Johnston Ridge Observatory is located approximately 70 miles north of Portland, OR. It is found within the Gifford Pinchot National Forest. This monument was set aside for research, fun and education. Inside the observatory, you will find amazing geological finds and even a “make-your-own-earthquake” machine (a kids favorite!).
Johnston Ridge Observatory is located at the end of State Highway 504; 52 miles east of Castle Rock, WA. The observatory is in the heart of the blast zone offering an amazing view into the side of Mount St. Helen’s that blasted away. The observatory is located on the WEST side of the mountain. There are additional visitor centers on the East and South sides of the volcano.
The parking lot is easy to find and has ample room. The walk up to the observatory is wheelchair friendly. You will even have the chance to walk the wheelchair accessible trail that explores the mudflow covered canyons, leading to a waterfall plunging over an ancient lava flow.
At the overlook you will find an AMAZING view of Mount St. Helen’s. There’s so much to see! My kids stood at this overlook far longer than I thought because there is so much to see between the mountain, broken trees and mudflows. Bring a camera to zoom in for some extra fun!
If you have a Golden Age Pass OR if your 4th grade earned their free pass, you’ll gain entrance to the observatory for free!! If you don’t have either of these, the entrance fee is very reasonable at only $8 each.
The one display that I found each kid coming back to over and over again was the display showing that path of the lava and flow. It used multiple colored lights for different aspects of the eruption. So much information and such an interesting way to display its history.
Who doesn’t want to see different types of lava?! And if you have any Minecraft fans, tell them to keep their eyes peeled for some ore that they may recognize!
Without question, this display was my favorite. This tree was snapped in half by Mount St. Helen’s violent eruption. The observatory was built around this tree. That’s right! This tree is in the exact same place it was during the eruption. This is the outcome of its full force and it is completely surreal to see this up close.
At the paper drum seismograph, the kids can run and jump, causing their own earthquakes.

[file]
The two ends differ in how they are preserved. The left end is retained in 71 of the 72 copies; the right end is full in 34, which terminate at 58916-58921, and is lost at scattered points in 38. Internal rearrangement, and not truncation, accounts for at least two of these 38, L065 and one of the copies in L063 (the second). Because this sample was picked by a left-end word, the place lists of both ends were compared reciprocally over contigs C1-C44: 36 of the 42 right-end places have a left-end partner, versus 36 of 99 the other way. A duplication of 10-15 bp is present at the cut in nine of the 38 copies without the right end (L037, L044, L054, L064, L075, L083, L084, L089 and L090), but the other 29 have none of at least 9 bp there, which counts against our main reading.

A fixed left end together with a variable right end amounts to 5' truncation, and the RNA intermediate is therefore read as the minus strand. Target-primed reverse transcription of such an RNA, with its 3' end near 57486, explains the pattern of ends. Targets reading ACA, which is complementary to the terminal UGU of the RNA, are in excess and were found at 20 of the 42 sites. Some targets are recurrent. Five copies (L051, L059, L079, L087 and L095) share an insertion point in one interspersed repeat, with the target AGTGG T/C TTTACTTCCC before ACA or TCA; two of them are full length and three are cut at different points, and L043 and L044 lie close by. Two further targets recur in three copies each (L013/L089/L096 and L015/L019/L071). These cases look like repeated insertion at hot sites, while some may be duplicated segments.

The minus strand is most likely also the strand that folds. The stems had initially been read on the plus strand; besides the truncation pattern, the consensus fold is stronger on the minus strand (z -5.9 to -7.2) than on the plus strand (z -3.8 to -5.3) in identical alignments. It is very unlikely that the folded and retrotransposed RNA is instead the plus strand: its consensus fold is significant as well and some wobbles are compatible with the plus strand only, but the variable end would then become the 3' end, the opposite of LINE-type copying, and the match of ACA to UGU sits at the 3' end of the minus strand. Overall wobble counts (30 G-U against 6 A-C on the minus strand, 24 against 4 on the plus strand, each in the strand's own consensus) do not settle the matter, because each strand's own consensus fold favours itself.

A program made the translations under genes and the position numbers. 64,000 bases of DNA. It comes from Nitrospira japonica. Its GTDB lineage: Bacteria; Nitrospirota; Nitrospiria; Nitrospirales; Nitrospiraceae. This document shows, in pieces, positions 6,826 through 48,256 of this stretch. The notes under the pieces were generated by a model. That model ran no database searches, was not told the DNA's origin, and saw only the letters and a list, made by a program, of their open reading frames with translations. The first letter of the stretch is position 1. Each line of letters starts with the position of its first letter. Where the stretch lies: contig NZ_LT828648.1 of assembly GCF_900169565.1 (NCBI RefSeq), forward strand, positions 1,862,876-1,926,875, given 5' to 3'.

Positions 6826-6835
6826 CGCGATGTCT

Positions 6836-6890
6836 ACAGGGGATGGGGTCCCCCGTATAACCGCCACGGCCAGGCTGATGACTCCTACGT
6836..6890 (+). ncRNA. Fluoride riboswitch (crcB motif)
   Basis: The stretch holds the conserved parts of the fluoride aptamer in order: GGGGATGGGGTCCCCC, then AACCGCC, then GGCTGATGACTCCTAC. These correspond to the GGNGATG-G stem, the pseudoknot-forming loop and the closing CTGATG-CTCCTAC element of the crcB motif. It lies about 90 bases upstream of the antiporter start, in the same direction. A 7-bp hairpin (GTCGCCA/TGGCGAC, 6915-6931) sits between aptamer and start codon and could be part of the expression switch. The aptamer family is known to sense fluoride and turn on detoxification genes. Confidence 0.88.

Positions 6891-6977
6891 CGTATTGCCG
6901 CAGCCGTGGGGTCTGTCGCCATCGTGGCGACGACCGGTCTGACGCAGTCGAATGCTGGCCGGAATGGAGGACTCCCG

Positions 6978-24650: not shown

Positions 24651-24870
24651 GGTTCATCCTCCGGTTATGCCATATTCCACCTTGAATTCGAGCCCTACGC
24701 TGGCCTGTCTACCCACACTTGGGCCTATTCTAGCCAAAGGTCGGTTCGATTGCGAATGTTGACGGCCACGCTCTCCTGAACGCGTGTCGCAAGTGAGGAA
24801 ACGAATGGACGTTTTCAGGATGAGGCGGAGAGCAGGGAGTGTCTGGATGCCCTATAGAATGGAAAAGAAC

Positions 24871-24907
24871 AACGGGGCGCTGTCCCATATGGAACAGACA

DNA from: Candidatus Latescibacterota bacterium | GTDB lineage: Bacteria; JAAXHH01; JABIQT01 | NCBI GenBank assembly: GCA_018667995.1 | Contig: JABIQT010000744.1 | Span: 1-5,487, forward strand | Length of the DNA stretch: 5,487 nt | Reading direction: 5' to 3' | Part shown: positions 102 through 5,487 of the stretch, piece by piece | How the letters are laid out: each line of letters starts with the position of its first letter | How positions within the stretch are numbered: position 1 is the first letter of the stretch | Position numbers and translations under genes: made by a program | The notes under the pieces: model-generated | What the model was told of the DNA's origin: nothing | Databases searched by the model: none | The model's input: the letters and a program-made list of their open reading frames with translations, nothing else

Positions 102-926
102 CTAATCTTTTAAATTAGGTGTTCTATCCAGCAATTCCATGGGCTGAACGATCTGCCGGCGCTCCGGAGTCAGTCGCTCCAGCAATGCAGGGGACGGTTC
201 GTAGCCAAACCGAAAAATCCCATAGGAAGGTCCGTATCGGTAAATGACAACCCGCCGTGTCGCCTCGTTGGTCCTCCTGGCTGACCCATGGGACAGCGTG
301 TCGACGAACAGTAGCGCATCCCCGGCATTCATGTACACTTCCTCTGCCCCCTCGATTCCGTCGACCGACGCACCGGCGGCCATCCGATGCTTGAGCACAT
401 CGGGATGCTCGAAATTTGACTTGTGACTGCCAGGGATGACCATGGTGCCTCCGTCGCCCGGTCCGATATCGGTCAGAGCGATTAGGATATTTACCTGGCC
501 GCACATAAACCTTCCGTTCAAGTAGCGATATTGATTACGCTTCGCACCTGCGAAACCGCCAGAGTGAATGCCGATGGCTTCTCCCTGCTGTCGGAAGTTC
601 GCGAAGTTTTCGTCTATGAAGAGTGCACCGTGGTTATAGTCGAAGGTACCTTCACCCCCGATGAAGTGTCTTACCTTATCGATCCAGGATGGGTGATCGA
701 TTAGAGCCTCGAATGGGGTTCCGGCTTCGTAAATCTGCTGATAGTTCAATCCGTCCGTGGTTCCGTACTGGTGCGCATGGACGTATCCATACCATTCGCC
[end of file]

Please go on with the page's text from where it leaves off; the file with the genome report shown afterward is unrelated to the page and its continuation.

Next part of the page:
Don’t forget to find some time to visit the theater. They play a few different selections of movies. We were able to attend a show explanation how wildlife and nature flourished after the eruption. All it takes is a little bit of patience. Click here to see some additional displays in the observatory.
Even the walk back to the car isn’t boring. At first glance it doesn’t seem like there’s anything interesting to see, but if you study the mountains in the background, you’ll notice that they are still covered with broken toothpick trees destroyed during the blast.
Along with the observatory visit, there are additional hikes that you can do. We did not have the time to take these adventures, so we would love for you to share your photos and experience!
Johnston Ridge Hike (NOT family friendly — starting point at Hummocks Trailhead) – 10.4 miles in/out
Want to turn this fun into a summer camp?! You can! Mount St. Helen’s Institute offers a variety of summer camps. One of which is a Family Adventure Camp. Sessions are in July and August. Pricing is approximately $80 per camper. Kids 4 years and younger can attend at no additional charge. Click here for more information.
THINGS TO REMEMBER:
- Observatory is open Mid-May through June, 10am – 6pm
- $8 entrance fee (unless you have a 4th grader!)
- Wheelchair accessible
- Drive I-5 north to Exit 49 for Highway 504E, Toutle and Castle Rock.
- Turn right after exiting and drive 43.1 miles on 504E through Castle Rock, Silver Lake and Toutle.
- At a junction, bear right for Coldwater Lake and Johnston Ridge Observatory. Descend, and follow the highway 8.8 miles as it ascends again to the end of the highway at the Johnston Ridge Observatory.
Make sure you stop to see Bigfoot as you head to Johnston Ridge Observatory! Click here more info!